Buying a property abroad whether it is for retirement, investment or a holiday home can be just as stressful as purchasing a property in the UK. You will at some point need to convert your pounds into the local currency and with new build properties or properties with a long completion date, currency exchange Melbourne can easily get forgotten until the last minute and with some completions taking up to 18 months it is no wonder. 

With so much uncertainty in the currency markets, knowing what to do for the best can be tricky. The euro since inception has performed relatively well, and has become a major currency accounting for approximately 54% of global currency exchange trade. This dominance is all relevant given the size of the Euro zone economy, and it is growing with Eastern Europe countries actively seeking to join the membership. The general trend for the euro has been upwards; it has been strengthening over the past three years. Over the past eighteen months, the euros rise has not been entirely a result of positive economic progress in the Eurozone, but rather US dollar weakness. 

The dollar has made newspaper headlines on several occasions and has been the subject of conversation and scrutiny by some of the foreign exchange markets’ most highly regarded organisations. The primary driver behind this concern has been the American Trade Deficit. The U.S. deficit and their pledge to buy their way out of the deficit has been an opportunity for enormous amounts of speculation, and hence the currency market has become increasingly volatile. 

Volatility makes a market; if it were not for volatility then hedging instruments such as Forwards would not need to exist. The industry has seen exponential growth in the use of forward contracts by financial institutions, corporations and individuals involved in the buying of international property.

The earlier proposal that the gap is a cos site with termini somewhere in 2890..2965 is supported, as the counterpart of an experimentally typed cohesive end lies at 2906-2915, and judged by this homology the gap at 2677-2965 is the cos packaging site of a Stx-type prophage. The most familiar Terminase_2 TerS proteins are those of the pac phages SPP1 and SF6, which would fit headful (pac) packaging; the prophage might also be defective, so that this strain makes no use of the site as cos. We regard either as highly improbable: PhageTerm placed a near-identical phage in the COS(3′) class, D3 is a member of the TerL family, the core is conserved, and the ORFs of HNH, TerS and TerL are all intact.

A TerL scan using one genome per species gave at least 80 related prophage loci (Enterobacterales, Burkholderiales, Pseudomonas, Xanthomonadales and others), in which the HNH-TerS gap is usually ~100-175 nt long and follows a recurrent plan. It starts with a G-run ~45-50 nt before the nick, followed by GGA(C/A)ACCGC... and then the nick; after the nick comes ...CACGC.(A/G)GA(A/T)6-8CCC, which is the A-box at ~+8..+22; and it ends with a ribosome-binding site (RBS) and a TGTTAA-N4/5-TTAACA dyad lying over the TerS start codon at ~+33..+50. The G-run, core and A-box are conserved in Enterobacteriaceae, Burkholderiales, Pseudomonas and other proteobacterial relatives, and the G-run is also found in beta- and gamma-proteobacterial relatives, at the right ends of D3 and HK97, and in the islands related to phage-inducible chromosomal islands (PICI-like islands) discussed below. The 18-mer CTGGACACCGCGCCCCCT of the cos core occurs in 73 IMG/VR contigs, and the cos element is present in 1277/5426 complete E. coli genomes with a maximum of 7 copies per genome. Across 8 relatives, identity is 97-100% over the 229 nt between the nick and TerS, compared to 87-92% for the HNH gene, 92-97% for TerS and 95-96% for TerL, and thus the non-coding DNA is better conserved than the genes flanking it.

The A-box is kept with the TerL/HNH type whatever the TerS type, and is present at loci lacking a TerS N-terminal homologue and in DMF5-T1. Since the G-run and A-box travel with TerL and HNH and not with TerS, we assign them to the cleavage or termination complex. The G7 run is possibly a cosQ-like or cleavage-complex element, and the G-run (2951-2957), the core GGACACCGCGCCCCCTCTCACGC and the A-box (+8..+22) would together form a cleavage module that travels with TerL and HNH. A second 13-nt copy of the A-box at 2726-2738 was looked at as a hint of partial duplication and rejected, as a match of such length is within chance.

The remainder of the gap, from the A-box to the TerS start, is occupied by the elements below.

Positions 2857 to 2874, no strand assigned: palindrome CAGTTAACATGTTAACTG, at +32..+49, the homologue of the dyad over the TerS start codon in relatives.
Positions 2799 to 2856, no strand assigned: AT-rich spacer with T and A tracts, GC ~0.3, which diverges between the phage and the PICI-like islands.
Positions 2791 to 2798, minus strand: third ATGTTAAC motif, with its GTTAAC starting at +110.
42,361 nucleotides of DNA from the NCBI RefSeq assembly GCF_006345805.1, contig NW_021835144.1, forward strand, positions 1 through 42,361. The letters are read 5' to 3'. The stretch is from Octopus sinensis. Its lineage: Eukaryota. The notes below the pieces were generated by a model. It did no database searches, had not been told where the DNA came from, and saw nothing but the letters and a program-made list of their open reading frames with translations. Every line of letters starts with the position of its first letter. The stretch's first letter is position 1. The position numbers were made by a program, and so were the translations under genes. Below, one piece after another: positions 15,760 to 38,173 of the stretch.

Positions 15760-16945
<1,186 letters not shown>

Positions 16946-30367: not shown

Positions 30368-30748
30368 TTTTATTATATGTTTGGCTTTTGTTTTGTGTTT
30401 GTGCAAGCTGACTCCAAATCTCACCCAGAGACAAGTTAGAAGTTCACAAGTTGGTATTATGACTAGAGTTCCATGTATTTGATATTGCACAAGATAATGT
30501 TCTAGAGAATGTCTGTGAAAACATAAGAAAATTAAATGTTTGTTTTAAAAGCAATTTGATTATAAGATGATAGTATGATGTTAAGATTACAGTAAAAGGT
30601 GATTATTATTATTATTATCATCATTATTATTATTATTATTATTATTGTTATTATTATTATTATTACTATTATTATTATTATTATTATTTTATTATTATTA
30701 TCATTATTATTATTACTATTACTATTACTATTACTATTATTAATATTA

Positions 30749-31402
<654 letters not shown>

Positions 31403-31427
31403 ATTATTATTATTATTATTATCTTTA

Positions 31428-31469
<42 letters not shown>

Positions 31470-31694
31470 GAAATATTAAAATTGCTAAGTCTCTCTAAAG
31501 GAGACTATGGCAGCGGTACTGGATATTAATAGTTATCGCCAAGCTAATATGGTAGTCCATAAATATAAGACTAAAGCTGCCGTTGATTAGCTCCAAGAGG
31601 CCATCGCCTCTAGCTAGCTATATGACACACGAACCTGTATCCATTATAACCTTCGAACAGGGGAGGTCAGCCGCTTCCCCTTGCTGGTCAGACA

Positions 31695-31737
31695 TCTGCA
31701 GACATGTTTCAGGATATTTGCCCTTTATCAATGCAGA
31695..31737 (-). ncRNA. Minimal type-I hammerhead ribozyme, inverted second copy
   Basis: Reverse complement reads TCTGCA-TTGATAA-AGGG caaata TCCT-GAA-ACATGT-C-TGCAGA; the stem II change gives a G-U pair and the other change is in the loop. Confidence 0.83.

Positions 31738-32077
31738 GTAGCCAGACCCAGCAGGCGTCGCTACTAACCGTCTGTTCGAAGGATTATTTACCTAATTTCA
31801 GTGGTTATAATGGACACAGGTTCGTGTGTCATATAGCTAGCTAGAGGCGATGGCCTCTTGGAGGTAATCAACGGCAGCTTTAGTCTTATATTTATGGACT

The market place has become so volatile, in particular the U.S. dollar, which in turn has been the catalyst to moving other currencies – primarily the euro. As the US dollar has fallen the euro has risen. Investors, speculators, financial institutions – with particular reference to Central Banks have bought into euros as a method of reserve diversification and as a method of retaining value. 

When you agree to purchase your property in Spain, you will concede the costs in euros. To know the exact amount will not become apparent until you have purchased the total sum. Over the past 12 months the euro has strengthened by more than 5%. For a property costing €200,000 this would mean an additional £7,000 to your original estimation. To avoid this adverse rate fluctuations one option is to ‘Forward buy’. This allows you to pre-order your euros at a guaranteed forward rate for a specified date in advance. 

Forward buying is a ‘buy now, pay later’ option. After securing the forward rate, you are required to pay 10% of the amount you are exchanging which is held until then remaining balance is paid in full. For example; Mr. & Mrs. Jones have agreed to purchase a property in Spain for €250,000. At the time of signing, the sterling/euro exchange rate was 1.45 and so they based all their calculations on this. They have paid the holding fee and the 10% deposit so there is just the balance of €224,500 which is due in 6 months time. They need to convert the balance of their funds at an exchange of at least 1.45 to ensure they don’t end up paying more for the property. Because they liaised closely with their foreign exchange broker, who monitored the currency market for them, they managed to fix the balance of the property at a rate that was better than 1.45. 

Not everyone purchasing a property abroad needs to forward buy and can still benefit from using a company like us. Buying your currency as a ‘Spot’ contact still carries the best exchange rate and is ideal for payments for immediate delivery such as deposits and stage payments. It may be that you want to wait to see if the pound strengthens against the euro and you make further savings. 

For more information on forward buying or any other questions related to purchasing abroad; contact Jennifer Saunders who is head of the Private Client desk at Associated Foreign Exchange, AFEX. And has over 4 years experience in FX Markets and clients purchasing abroad.


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